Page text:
Hey Substandard Sitcom “fans.” Hopefully you had a happy Thanksgiving and have emerged unscathed from your food comas. You know how your Thanksgiving went, but I’m sure you’re curious to see how our venerable podcast hosts fared. Read on and find out!
The episode opens on the eve of Thanksgiving at the Last household. Jonathan is running Shannon through his extensive travel checklist. He has distributed thick Leslie Knope-style binders to each member of the family. Each has the big picture objectives in achieving a successful exit from the swamps of the Washington DC Metro Area as well as individual assignments. For instance, one of Favorite Daughter’s many assignments is to be as adorable as usual and to ease the tension raised by the daughter that must-not-be-named.
JVL: And finally, if we are not on the road at 4:30 we pull the plug on the whole thing.
Shannon: Really? Is there a grace period? What if it’s 4:31?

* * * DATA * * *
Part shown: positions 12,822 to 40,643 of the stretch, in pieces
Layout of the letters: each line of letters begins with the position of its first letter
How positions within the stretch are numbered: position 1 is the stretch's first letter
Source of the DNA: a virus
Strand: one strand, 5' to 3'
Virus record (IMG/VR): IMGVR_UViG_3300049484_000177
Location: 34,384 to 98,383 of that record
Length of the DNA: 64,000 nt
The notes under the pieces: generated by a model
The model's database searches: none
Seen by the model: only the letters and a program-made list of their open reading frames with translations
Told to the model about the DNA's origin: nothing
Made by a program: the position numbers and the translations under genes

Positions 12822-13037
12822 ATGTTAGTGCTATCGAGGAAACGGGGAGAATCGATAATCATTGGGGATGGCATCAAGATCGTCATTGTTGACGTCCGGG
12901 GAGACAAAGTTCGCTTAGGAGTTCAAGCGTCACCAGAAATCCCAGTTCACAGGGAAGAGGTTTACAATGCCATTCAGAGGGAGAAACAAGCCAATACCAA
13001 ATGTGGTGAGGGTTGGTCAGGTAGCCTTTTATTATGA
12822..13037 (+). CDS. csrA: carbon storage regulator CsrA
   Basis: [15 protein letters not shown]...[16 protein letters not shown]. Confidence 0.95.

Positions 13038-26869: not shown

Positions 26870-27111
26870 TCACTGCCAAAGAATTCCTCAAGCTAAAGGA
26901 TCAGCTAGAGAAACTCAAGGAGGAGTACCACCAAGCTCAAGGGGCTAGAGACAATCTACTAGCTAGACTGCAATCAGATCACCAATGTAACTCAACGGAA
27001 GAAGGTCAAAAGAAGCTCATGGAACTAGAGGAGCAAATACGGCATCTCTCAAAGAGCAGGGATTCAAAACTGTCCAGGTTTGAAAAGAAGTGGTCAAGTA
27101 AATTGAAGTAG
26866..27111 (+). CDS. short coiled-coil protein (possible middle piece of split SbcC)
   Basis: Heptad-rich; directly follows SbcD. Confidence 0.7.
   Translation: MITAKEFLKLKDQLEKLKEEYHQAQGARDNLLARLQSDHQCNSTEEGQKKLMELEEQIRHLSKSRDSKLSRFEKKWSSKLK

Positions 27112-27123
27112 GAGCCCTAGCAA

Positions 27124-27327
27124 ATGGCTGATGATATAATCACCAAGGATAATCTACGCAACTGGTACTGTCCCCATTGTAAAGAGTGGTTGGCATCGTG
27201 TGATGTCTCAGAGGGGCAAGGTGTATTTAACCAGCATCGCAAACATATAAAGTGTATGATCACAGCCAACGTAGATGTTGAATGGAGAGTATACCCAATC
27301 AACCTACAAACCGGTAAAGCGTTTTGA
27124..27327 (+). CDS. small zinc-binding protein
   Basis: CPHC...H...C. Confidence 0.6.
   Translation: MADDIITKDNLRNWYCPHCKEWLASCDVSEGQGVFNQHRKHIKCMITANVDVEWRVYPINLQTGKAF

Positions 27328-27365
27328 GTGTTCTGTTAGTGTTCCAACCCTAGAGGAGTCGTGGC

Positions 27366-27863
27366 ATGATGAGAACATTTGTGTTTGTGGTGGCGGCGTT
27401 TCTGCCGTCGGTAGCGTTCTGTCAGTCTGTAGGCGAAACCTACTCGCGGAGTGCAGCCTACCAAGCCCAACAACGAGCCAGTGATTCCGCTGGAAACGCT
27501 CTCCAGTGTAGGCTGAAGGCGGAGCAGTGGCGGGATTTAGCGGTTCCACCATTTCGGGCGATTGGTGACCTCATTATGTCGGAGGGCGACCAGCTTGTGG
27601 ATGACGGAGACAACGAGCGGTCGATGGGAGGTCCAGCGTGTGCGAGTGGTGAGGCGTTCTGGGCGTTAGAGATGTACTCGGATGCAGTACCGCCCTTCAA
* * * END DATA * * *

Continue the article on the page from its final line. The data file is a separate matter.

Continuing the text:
JVL: Plug pulled.
Shannon: 4:30 and 31 seconds?
JVL: Yank it like you’re starting a mower.
Shannon: Okay. That’s fine. It’s your family, so I won’t be that broken-hearted if we stay home. It will give me time to read through Jane Austen’s novels for the fifteenth time. Oh, Mr. Darcy. (fans herself with the binder)
JVL: (mildly irritated but generally accustomed to this sort of thing) If there are no further questions I make a motion to adjourn this spousal meeting.
Shannon does not second it as she’s been transported in her imagination to 19th century England.
JVL: (clears his throat) Shannon, would you second my motion, please.
Shannon: (distractedly) Yes.
JVL: (impatiently) For the sake of order I’m going to need you to actually second my motion.
JVL: Meeting adjourned.
Favorite Daughter: finishing up the minutes) May I go to bed now?
JVL: Of course. Goodnight dear.
Cut to the morning at the Last household. It’s 4:29 and to say JVL is tense is to say that we have a small issue with entitlement spending in this country. He can just picture traffic building up on the beltway as he waits for what? What part of the detailed plan went wrong? Where did he go wrong as a parent? As a spouse – as a man? What went so wrong that his family can’t follow a 283 step plan to perfection?